Also, there is a simple relation  of tangent planes to tangent lines — the tangent plane of smooth surface $S$ at a point ${\bf p}$ is exactly the union of the tangents to the all the smooth curves which lie on $S$ and pass through ${\bf p}$.

Finally, equation (1) bears a strong resemblance to the multivariate Taylor’s expansion. A weak form of the bivariate Taylor’s theorem with remainder reads

 $z-p_{z}=\left.\frac{\partial z}{\partial x}\right|_{\begin{matrix}x&=p_{x}\\ y&=p_{y}\\ z&=p_{z}\end{matrix}}(x-p_{x})+\left.\frac{\partial z}{\partial y}\right|_{% \begin{matrix}x&=p_{x}\\ y&=p_{y}\\ z&=p_{z}\end{matrix}}(y-p_{y})+c_{1}(x,y)(x-p_{x})^{2}+c_{2}(x,y)(x-p_{x})(y-p% _{y})+c_{3}(x,y)(y-p_{y})^{2}$

where the functions $c_{1}$, $c_{2}$, and $c_{3}$ are bounded in a neighborhood  of ${\bf p}$. (A strong version of the theorem would be more explicit about the form of these functions. Since we do not need precise information about these functions, the weak theorem suffices.) As $x$ gets closer to to $p_{x}$ and $y$ gets closer to $p_{y}$, the remainder terms become increasingly smaller in comparison to the first order terms in the expansion. Therefore, if we are only interested in small values of $x-p_{x}$ and $y-p_{y}$ it is safe to approximate $z$ by ignoring the remainder. By doing so, we obtain the equation of the tangent plane at ${\bf p}$. In other words, if we are only interested in a small enough neighborhood of the point ${\bf p}$, we may approximate the surface by its tangent plane.

This observation allows one to understand the tangent plane intuitively as a planar approximation to a surface in the neighborhood of a point of the surface. At least in one instance, we make use of this fact in everyday life. With the exception of a few benighted souls who belong to the Flat Earth Society, we know that the Earth is a sphere, yet we find that planar maps afford a perfectly adequate representation of the Earth’s surface for planning excursions within a city. The reason for this is that the size of a city is small compared to the size of the Earth. Hence, the error committed by approximating the spherical Earth on such scales by a tangent plane is a fraction of a percent and it is perfectly reasonable to use a planar map. However, when we move the scale of, say, continents, the errors become proportionately larger and it is not possible to represent such a large portion of the Earth on a planar map without introducing significant distortions.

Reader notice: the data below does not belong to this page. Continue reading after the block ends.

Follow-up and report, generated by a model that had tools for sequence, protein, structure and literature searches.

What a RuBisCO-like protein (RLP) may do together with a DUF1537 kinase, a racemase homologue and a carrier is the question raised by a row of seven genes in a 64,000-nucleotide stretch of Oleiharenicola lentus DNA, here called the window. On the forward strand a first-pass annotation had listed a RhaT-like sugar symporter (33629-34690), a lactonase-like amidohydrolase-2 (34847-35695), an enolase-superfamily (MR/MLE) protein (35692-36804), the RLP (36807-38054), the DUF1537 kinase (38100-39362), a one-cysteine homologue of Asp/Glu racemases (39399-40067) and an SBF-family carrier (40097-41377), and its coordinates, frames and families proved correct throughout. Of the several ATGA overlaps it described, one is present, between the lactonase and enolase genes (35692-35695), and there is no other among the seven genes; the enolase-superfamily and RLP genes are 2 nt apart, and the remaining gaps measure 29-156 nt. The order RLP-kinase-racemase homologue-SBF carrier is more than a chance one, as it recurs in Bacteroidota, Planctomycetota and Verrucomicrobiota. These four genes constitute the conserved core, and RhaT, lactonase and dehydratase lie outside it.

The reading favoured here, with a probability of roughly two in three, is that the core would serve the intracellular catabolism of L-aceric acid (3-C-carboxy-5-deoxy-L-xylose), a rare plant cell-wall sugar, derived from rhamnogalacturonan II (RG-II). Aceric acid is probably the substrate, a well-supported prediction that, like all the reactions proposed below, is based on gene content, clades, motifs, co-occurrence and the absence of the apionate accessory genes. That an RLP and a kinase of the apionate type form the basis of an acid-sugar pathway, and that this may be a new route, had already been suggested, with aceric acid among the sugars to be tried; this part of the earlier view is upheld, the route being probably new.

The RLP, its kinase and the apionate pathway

## 5 Higher dimensions

The formalism presented here is capable of generalization to more than three dimensions. Since most of the differences  between the case of three-dimensions which we have considered and higher dimensions are a matter of bookkeeping to keep track of more variables, we are content to simply present the results. How to use these results and the justifications for them are substantially the same as in three dimensions, so there is no reason to repeat them here with essentially cosmetic changes.

Suppose that $S$ is an $m$-dimensional surface located in $\mathbb{R}^{n}$ and let ${\bf p}$ be a point of $S$. Then we may generalize formulas (1) - (3) as follows:

If the surface $S$ is described by the system of equations

 $\begin{matrix}x_{n}&=g_{1}(x_{1},x_{2},\ldots x_{m})\\ &\vdots\\ x_{n-m+1}&=g_{n-m+1}(x_{1},x_{2},\ldots x_{m})\end{matrix},$